* Policymakers should exclude the TI and tobacco funded or linked research from policy discussions on tobacco control and alternative products.
* Advocates and the public health community can continue to hold the industry accountable.
* Consumers should not support a business that builds a portfolio of addictive, deadly products while fighting efforts to reduce smoking.
* Journalists should challenge the discrepancy between industry claims and its actual behaviour.
* Government should facilitate more media coverages that promote tobacco control, at least through government owned media. (right now there is no positive contribution or support from government newspapers.)
TI’s marketing plan in attracting youth
TI cannot stay in business unless children and youth get hooked – therefore we must protect the next generation from TI’s efforts to lure them into a lifetime of addiction and disease.
NATA along with other stakeholders engaged in tobacco control work should monitor how TI is engaged in addicting the next generation by launching their marketing plan.
Across the globe, TI uses a combination of marketing tactics to reach youth at Points of Sale (POS), on social media, via sponsored parties, sports events, and other sponsored activities.
Recommendation – Though Sri Lanka has banned Article 13 of the FCTC of WHO – still we observe tobacco products are displayed at POS, hence this regulation is not comprehensive. The government should support NATA in amending the law.
“A 2018 report, Where there’s smoke, documented the tobacco industry’s aggressive marketing of cigarettes and other tobacco products to young people on social media through attractive young brand ambassadors, elaborate parties, contests, and more.” – there’s something behind the cigarettes you see on social media – a deceptive strategy from TI to addict the next generation of smokers.
Do you know?
Tobacco industry is secretly paying social media stars to flood your newsfeed with images of their cigarette brands.
They are subverting tobacco advertising laws and abusing government regulators and the policies of social media platforms to market cigarettes to youth.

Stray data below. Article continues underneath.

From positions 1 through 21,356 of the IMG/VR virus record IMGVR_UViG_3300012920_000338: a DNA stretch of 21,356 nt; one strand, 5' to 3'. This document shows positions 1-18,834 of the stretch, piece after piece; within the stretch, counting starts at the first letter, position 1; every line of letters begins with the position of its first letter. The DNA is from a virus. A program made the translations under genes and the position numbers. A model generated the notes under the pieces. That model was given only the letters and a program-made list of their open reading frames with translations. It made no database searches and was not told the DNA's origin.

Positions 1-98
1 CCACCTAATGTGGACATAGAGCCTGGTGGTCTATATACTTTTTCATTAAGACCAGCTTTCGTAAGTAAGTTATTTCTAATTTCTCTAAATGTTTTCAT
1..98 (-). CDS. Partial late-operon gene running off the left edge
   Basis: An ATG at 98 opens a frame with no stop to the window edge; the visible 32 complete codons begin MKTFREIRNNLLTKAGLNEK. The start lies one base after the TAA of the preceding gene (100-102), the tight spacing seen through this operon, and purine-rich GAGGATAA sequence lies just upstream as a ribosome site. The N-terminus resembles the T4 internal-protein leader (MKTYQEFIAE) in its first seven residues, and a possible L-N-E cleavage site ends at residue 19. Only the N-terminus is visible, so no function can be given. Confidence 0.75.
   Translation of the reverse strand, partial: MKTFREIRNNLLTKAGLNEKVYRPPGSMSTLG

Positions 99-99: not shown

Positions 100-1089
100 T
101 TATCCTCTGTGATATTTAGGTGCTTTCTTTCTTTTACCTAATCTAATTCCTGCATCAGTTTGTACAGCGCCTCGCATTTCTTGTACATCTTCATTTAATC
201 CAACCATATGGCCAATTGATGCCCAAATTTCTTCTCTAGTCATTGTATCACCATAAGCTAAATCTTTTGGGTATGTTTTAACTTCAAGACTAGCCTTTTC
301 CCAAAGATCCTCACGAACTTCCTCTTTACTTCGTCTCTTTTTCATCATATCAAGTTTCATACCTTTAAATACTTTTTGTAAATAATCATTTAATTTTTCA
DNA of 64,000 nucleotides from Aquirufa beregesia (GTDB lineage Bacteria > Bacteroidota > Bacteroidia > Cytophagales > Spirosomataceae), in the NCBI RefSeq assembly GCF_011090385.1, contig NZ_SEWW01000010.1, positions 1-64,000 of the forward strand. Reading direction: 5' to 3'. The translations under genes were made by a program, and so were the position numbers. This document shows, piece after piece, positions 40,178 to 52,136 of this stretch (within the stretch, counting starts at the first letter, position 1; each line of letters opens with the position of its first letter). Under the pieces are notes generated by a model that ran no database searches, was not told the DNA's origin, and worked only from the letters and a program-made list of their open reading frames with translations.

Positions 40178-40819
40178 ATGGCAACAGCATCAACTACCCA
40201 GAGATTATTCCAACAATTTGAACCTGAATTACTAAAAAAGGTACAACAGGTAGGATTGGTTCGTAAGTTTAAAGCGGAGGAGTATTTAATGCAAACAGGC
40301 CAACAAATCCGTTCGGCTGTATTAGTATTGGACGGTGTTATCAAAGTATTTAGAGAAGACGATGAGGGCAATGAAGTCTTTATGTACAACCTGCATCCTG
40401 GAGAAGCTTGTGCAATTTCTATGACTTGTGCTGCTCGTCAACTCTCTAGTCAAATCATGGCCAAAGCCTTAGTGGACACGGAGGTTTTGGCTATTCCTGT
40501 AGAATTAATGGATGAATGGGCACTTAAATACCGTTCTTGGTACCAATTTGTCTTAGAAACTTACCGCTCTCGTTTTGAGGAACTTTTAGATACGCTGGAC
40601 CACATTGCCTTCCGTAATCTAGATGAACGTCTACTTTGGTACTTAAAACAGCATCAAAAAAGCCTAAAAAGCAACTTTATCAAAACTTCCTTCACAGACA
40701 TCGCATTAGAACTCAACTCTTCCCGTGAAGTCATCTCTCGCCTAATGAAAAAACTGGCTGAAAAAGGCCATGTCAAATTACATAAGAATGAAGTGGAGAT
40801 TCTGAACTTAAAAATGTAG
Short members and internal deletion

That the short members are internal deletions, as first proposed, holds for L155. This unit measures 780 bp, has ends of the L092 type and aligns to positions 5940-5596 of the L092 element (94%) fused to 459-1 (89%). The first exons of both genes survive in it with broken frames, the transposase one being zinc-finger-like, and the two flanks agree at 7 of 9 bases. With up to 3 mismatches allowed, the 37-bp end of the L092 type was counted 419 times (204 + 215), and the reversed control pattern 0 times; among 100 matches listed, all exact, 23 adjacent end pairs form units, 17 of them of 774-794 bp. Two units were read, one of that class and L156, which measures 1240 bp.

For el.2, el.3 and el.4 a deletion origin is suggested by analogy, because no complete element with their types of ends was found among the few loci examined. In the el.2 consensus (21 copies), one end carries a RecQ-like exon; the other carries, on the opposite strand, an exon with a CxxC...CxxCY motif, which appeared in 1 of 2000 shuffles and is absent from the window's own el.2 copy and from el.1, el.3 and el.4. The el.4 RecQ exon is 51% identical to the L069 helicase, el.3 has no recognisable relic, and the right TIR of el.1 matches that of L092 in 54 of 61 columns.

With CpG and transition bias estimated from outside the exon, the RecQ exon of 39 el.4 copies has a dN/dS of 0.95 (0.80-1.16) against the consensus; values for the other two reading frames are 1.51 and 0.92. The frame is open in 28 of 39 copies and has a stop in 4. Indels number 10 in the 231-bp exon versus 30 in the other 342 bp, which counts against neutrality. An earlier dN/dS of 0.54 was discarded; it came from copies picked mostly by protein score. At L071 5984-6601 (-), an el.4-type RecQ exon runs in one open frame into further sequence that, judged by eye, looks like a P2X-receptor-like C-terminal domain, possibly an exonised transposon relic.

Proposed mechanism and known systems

Who are they using ?
Young social media stars are paid to make smoking look cool.
The tobacco industry and its marketing firms engage popular social media influencers to help promote cigarettes and other tobacco products to social media communities. The influencers’ posts are designed to appear authentic, but are actually carefully composed to advertise cigarettes.
Young popular influencers are recruited based on their youthful appearance and number of followers. The reason for this is the TI targets a super young profile… The people they select are always young. They look for young people that have large groups of friends so that the social media promotional message gets expanded more and more.
Recommendation: The Government should support NATA in amending the existing law to stop social media promotions of tobacco and nicotine products.
Tobacco industry social media marketing undermines tobacco control policies. TI does not tell influencers to include “#ad or # sponsored “ in their posts, which avoids being caught by social media platforms’ official ad systems. The posts use subtle campaign hashtags, such as #likeus or #nighthunters which fly under the radar but are actually campaigns by TI.
The posts include tobacco products in the images, which are often hard to differentiate from an influencer’s own everyday content. Facebook, Twitter and Instagram can play a critical role in stopping online tobacco advertising if they enforce their policies to block tobacco advertising in influencer content.
Around the world, governments have banned or restricted tobacco advertising. In fact (WHO FCTC Parties to the Framework Convention on Tobacco Control, updated May 2020. Available at: https://www.who.int/fctc/cop/en/), the Parties are already obligated to ban all tobacco advertising including internet advertising – under a global treaty called the WHO Framework Convention on Tobacco Control. But still TI is undermining those efforts.
Recommendation: Therefore, government regulations on tobacco advertising and promotion must include TI influencing through social media.
Single cigarettes are more attractive and available to youth
Studies and evidence indicate that youth can and do access single cigarettes more easily, that single sticks facilitate smoking among regular youth users, and may encourage youth non-users to experiment with smoking.
* Single cigarettes are sold at a price point that allows vulnerable populations, such as youth, to buy cigarettes without paying the price of a whole pack. The lower price point undermines efforts to decrease the affordability of tobacco products through tax and price increases
* Single sticks are often displayed, sold, and consumed without consumers ever having been exposed to warning labels placed on the pack. This is concerning because health warning labels are effective in reducing intentions to smoke among non-smokers, including youth.